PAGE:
SHAIK YAKUB SAHEB Vs. K KISHANLAL
LAWS(APH)-1963-11-20
HIGH COURT OF ANDHRA PRADESH
Decided on November 18,1963

SHAIK YAKUB SAHEB Appellant
VERSUS
K.KISHANLAL Respondents

JUDGEMENT

- (1.) This proceeding arises out of a petition for eviction of a tenant, which has been allowed by the original and appellate authorities but rejected in revision by the District Judge, Nellore.
(2.) The petitioner, a landlord, resides in a house owned by him in Komati Street, Nellore, bearing Municipal No. 35, Ward No. 21. It is his residential building. But he has taken to business. He was doing rice business in partnership outside Nellore, but was keeping his rice bags in one or the other of his rooms in his residential building. In the month of July, 1959, he started his business of gold and. silver and for that business he purchased the suit hous'e, bearing No. 475 of Ward 12 of Chinabazaar in Nellore, for Rs 14,000, under a registered sale deed dated 10th August, 1959, Exhibit P-1. The respondent was a tenant under the petitioner's vendor, who after the transaction of sale on nth August, 1959, informed him by a notice in writing that he had sold the property. On 22nd August, 1959, the petitioner also issued a notice, Exhibit P-3, to the tenant asking him to vacate the house, as it is required for his business. The tenant denied the right of the petitioner on the ground that his lease period extended upto March, 1960. It appears that the tenant had originally occupied the house under a rental deed in the year 1950 for a period of 5 years only, but this term was extended till 16th January, 1960 under an oral agreement. The petitioner waited till the expiry of the said term and when the respondent still refused to vacate the premises, he applied to the Rent Controller, Nellore, for eviction. The tenant resisted this petition on more than one ground. His main defence was that the petitioner was not engaged in gold and silver business and that even if he had that business he has got a non-residential building of his own and therefore is not entitled to evict him from the premises under the provisions of the Madras Buildings (Lease and Rent Control) Act. The Rent Controller negatived his contentions and passed an order of eviction on 3rd February, 1961. He granted three months' time to vacate. On appeal, the learned Subordinate Judge, Nellore, as appellate authority, agreed with the order of the Rent Controller. On revision preferred under section 12-B of the Act, the District Judge, on the ground that the petitioner was doing gold and silver business in some portion of his own residential building, found that the building is of a mixed character and that since it was to that extent converted into non-residential building, the petitioner is not entitled to evict the respondent.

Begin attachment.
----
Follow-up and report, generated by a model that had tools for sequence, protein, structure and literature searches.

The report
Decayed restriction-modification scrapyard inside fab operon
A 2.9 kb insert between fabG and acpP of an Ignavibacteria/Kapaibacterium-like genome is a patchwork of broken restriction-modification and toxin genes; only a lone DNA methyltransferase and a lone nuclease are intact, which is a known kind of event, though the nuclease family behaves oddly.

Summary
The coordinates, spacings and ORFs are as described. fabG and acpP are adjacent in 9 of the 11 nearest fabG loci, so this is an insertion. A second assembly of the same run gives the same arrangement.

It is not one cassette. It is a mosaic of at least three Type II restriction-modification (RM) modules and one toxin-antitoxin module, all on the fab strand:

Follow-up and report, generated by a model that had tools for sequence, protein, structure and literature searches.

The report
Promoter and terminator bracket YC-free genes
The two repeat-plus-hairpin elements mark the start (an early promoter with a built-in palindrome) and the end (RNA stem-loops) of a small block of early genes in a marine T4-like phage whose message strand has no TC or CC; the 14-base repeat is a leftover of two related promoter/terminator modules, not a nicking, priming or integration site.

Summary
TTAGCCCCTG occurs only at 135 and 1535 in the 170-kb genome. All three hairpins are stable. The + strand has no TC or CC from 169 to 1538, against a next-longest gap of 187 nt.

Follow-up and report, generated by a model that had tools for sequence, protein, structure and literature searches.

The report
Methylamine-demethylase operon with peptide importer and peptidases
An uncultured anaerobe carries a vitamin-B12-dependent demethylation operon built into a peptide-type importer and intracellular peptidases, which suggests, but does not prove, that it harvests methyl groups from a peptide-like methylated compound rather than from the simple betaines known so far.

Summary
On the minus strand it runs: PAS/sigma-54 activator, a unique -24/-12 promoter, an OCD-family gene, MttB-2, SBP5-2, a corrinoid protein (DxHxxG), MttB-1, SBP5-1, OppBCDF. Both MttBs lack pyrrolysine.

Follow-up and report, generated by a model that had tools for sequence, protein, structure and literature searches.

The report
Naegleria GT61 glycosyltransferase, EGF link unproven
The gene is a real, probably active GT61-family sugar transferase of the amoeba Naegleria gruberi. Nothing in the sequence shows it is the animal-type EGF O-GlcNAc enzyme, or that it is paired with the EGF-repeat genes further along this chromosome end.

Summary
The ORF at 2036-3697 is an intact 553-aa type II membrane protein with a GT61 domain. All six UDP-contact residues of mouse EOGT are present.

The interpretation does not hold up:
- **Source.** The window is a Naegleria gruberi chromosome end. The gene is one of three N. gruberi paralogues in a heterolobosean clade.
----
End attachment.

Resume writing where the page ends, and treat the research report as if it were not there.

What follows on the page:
(3.) It would appear from the order of the learned District Judge that the building in the possession of the respondent being used partly for residential and partly for business purposes it is neither residential alone nor exclusively non-residential. As observed by the learned Judge, the petitioner was originally a dealer and had business in rice and, according to his admissions, was using part of his residential building for this business. Recently, he started a shroff business and is carrying on the same business In his own premises. The building that he is occupying is therefore of a mixed character, and having regard to the user which he as P.W.1 admits, in the opinion of the learned District Judge it must be held to be non-residential building. The learned District Judge however, remarked in his judgment that though user of the building appears to be the proper index, no specific issue was framed by the original authority and no direct evidence in respect thereof was let in. Notwithstanding that there was no evidence pointedly adduced in that behalf, the learned District Judge came to the conclusion on the available material that the building In the possession of the respondent was of a mixed character. In the result, he held that since the building was not principally a residential building and was being used also for non-residential purposes, the petitioner, under the provisions of section 7(3)(a)(iii) of the Act, has no right to evict. Aggrieved by this order, the landlord has come up in revision to this Court.;


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